MEMPHIS , Tenn. (AP) - The black Supreme Court candidate whom Gov. Phil Bredesen passed over in favor of a white Republican criticized the Democratic governor for recent comments about a lack of diversity in the state's appellate courts.
Circuit Court Judge D'Army Bailey, who said he was never told why he was wasn't chosen, said the governor shouldn't blame the Judicial Selection Commission alone.
"It is disingenuous for this governor who had the opportunity with my nomination in June to maintain diversity on the state's highest court to now point the finger of blame at the Selection Commission," Bailey said in a statement released Wednesday.
Bredesen, who filled the high court vacancy with Judge William C. Koch of the Court of Appeals, said he doesn't feel the need to elaborate on his decisions not to select certain candidates.
"I don't really feel like it's appropriate to explain why you didn't pick somebody," he said. "Each time I try to pick the best of the available choices."
"Obviously (Bailey) feels aggrieved that he was not chosen, but it was my judgment that there was a better candidate in that particular case and stand by the decision," he said.
There are no black judges on either the Court of Appeals or the state Supreme Court, after Justice Adolpho A. Birch retired last year. Judge J.C. McLin is the only black member of the Court of Criminal Appeals.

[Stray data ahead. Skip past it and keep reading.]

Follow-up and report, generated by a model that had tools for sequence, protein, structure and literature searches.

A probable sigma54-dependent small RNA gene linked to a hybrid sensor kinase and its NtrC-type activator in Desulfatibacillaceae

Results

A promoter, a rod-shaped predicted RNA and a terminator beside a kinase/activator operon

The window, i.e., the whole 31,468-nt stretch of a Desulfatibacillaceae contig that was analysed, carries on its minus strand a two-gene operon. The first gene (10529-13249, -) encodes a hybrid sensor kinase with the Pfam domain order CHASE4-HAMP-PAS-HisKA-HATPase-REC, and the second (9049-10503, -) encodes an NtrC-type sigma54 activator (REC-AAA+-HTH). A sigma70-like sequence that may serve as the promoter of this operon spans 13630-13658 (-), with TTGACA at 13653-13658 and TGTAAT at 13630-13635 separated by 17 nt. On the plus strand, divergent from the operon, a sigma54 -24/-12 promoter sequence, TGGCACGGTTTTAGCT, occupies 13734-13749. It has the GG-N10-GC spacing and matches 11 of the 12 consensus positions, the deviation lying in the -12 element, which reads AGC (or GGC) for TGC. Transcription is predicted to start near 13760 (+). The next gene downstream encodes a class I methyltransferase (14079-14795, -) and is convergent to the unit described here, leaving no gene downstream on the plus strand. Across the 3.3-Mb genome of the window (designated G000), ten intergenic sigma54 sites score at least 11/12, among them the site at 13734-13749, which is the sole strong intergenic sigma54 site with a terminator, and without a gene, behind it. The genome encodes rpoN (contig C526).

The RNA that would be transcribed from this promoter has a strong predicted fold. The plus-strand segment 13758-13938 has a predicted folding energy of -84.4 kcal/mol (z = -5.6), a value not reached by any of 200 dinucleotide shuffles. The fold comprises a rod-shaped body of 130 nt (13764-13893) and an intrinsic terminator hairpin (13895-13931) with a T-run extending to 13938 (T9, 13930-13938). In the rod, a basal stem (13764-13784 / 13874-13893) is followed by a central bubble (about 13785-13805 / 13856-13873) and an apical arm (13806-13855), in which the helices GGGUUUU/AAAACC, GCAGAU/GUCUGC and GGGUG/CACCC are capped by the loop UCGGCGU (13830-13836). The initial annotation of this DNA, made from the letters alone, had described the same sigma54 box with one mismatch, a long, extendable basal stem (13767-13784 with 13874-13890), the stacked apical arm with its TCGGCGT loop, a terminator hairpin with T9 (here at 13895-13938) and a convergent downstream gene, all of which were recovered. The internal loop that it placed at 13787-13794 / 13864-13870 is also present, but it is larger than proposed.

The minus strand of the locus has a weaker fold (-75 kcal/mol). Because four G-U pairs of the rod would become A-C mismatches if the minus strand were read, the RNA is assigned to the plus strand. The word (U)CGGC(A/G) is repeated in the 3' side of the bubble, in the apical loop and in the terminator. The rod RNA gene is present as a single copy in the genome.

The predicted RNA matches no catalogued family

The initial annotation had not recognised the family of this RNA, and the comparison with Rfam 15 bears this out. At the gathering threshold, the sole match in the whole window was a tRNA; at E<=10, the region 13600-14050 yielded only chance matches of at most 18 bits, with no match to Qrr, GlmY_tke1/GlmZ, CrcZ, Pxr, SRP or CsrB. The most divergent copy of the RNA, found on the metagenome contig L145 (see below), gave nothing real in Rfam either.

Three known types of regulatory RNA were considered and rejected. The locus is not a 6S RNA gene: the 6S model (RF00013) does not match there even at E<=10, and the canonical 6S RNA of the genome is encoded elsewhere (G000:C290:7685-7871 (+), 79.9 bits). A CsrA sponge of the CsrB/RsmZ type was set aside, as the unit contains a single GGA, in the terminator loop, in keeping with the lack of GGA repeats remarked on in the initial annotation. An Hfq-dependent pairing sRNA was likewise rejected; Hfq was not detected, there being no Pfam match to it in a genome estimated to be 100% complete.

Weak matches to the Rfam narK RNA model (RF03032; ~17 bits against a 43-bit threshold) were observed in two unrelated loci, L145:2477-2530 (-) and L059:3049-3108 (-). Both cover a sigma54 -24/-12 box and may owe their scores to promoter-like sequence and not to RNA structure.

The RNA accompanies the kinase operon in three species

Bredesen made the comments critical of the Selection Commission after being sent a panel of three white candidates for the Court of Appeals seat Koch had held. Under the Tennessee Plan for judicial selection, it is the job of the commission to narrow appellate court applicants to three-person slates for the governor to choose from.
Bredesen last year ignited a legal battle with the commission after he rejected the first panel following the withdrawal of the only black candidate.
In a letter to the commission, Bredesen urged members to select a new panel that included qualified minority candidates.
But the governor was also unhappy with the next panel that included Bailey, a Memphis Circuit Judge, and Koch.
"Their job is to give me the three most qualified nominees," Bredesen said of the commission in April. "I don't think you can look over that list and say that's what I got."